Buy tickets Plan your visit
samurai armor

Military equipment of a Samurai, 19th century.

samurai armor
samurai armor detail
samurai armor detail
icon Back to the collection

Samurai Weaponry

In the fourteenth and fifteenth centuries, the daimyo, the warlords of feudal Japan encouraged the vassals to grow hemp.

Hash Marihuana & Hemp Museum. Please contact us for licensing options.

Hemp in Japan

The Samurai

In 1980, Paul McCartney was arrested at Tokyo airport after a small bag of weed was found in his luggage. After having spent nine nights in a cell, the ex-Beatle was deported. A planned tour of Japan was cancelled and Paul McCartney was not allowed to visit the land of the rising sun for the next seven years. Japan still has a very strict cannabis control law. You can be put behind bars for five years just for having one single joint.

Warlords

This was not always the case. In the fourteenth and fifteenth centuries, the daimyo, the warlords of feudal Japan encouraged the vassals to grow cannabis. They could sell the plant for a high price in the cities where hemp fibre was used to make refined garments. The weaponry of the Samurai (literally he who serves) was also partly made from hemp.

An important part of the Samurai weaponry was the iron helmet (kabuto) that was fitted inside with hemp covered in silk. The shoulder, sleeve and thigh protectors of the Japanese warriors were also made from hemp in combination with silk and deer leather on which iron plates were stitched with hemp twine. A remarkable detail is that the hemp was impregnated with persimmon juice to make it waterproof. The military equipment that can be seen in our museum in Barcelona is almost certainly from the late Edo Period (nineteenth century).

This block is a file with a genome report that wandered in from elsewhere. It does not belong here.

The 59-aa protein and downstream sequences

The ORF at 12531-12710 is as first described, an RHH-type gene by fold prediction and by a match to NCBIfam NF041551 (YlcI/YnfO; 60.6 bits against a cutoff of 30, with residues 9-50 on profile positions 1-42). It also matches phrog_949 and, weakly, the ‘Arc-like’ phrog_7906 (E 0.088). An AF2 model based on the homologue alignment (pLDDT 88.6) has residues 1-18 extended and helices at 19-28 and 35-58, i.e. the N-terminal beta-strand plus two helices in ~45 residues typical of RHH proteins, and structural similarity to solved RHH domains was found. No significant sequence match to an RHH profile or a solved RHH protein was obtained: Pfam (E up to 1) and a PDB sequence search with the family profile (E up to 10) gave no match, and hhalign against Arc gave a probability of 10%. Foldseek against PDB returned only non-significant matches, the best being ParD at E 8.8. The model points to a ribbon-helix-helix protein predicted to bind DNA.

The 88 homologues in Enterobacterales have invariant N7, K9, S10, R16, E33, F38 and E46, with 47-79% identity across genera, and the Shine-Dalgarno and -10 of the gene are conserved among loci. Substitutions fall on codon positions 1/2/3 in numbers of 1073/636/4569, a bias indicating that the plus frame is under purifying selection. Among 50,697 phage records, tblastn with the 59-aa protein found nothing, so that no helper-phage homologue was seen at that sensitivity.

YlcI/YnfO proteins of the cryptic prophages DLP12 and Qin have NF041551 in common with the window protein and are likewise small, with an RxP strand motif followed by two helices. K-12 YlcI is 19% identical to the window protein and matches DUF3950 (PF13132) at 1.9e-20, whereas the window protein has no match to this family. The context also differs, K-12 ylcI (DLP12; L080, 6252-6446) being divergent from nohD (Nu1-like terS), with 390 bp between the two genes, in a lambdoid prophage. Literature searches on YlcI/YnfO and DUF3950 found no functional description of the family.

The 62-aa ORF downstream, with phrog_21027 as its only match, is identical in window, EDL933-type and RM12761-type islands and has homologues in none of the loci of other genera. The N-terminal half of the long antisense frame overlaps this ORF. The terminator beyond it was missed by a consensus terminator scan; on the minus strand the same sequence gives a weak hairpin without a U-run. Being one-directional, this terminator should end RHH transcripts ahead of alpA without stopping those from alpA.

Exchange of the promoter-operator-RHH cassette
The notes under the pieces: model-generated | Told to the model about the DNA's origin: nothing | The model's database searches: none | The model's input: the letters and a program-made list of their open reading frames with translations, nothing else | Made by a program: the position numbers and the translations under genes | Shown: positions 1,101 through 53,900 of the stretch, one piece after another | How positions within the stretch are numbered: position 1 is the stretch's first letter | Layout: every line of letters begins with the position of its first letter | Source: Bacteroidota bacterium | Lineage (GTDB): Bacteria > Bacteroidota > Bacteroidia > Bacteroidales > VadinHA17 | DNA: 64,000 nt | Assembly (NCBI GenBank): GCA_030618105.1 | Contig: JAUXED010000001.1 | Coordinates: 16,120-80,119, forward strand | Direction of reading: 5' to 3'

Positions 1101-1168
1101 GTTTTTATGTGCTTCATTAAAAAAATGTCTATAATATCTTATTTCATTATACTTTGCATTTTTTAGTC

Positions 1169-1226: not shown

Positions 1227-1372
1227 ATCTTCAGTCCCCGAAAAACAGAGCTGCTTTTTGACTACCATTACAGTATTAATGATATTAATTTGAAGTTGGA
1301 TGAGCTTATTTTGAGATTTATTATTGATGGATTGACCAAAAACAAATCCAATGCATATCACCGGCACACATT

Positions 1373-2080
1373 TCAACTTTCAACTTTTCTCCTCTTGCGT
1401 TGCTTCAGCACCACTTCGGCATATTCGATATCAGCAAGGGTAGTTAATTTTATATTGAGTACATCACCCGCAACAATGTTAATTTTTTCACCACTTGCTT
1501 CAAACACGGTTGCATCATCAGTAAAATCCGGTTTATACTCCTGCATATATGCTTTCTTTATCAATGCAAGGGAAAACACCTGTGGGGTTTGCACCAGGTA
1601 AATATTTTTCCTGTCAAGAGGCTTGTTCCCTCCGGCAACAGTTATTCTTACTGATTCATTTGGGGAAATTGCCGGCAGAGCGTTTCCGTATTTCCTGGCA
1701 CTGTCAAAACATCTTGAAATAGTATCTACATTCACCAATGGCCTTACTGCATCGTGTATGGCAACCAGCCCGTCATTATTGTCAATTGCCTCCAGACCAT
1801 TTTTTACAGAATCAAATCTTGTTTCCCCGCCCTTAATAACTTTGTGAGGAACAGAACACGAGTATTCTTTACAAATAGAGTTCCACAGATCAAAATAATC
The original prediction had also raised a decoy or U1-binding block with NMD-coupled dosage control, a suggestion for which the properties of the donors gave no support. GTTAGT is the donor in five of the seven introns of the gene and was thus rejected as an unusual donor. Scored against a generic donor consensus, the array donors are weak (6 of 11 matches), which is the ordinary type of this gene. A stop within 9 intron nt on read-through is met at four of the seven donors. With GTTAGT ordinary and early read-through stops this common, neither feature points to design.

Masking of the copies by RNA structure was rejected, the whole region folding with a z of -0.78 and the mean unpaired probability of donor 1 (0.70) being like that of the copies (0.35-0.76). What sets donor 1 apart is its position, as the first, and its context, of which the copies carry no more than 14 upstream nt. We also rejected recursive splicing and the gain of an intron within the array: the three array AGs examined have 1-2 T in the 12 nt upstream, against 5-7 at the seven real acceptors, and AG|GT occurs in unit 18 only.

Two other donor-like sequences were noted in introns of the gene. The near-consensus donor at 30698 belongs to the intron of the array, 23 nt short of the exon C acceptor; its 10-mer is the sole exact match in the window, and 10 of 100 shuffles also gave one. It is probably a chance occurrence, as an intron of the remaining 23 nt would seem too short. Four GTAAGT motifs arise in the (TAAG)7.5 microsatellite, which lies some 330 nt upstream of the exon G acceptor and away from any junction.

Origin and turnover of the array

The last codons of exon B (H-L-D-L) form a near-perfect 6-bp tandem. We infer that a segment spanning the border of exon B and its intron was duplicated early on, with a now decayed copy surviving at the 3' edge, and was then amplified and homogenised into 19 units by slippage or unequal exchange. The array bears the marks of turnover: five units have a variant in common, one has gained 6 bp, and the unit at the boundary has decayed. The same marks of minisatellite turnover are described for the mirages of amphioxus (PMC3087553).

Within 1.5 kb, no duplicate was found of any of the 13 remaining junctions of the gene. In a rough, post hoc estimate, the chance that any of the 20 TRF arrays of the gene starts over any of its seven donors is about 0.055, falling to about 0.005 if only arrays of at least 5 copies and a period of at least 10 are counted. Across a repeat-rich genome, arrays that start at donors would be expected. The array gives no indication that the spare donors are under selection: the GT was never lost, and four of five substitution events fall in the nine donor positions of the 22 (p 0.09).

Modern hemp cultivation in Japan

The hemp cultivation disappeared completely in Japan with the arrival of cotton, the death in 1877 of the last real samurai (Takamori Saigo) and the general cannabis ban in 1948 during the American occupation. That is until Emperor Hirohito died in 1989 and his son Akihito was crowned during a special ceremony in which he had to wear a traditional gown made from hemp. A number of farmers in the region Shikoku gave the new emperor a present of illegally planted hemp with which to make the garment. In gratitude they received a licence to grow hemp on a small scale for the making of rope, paper and the clothing for the imperial family.

Stay in touch

Museum Newsletter

Sign up to get the latest news about the museum, upcoming exhibitions and events.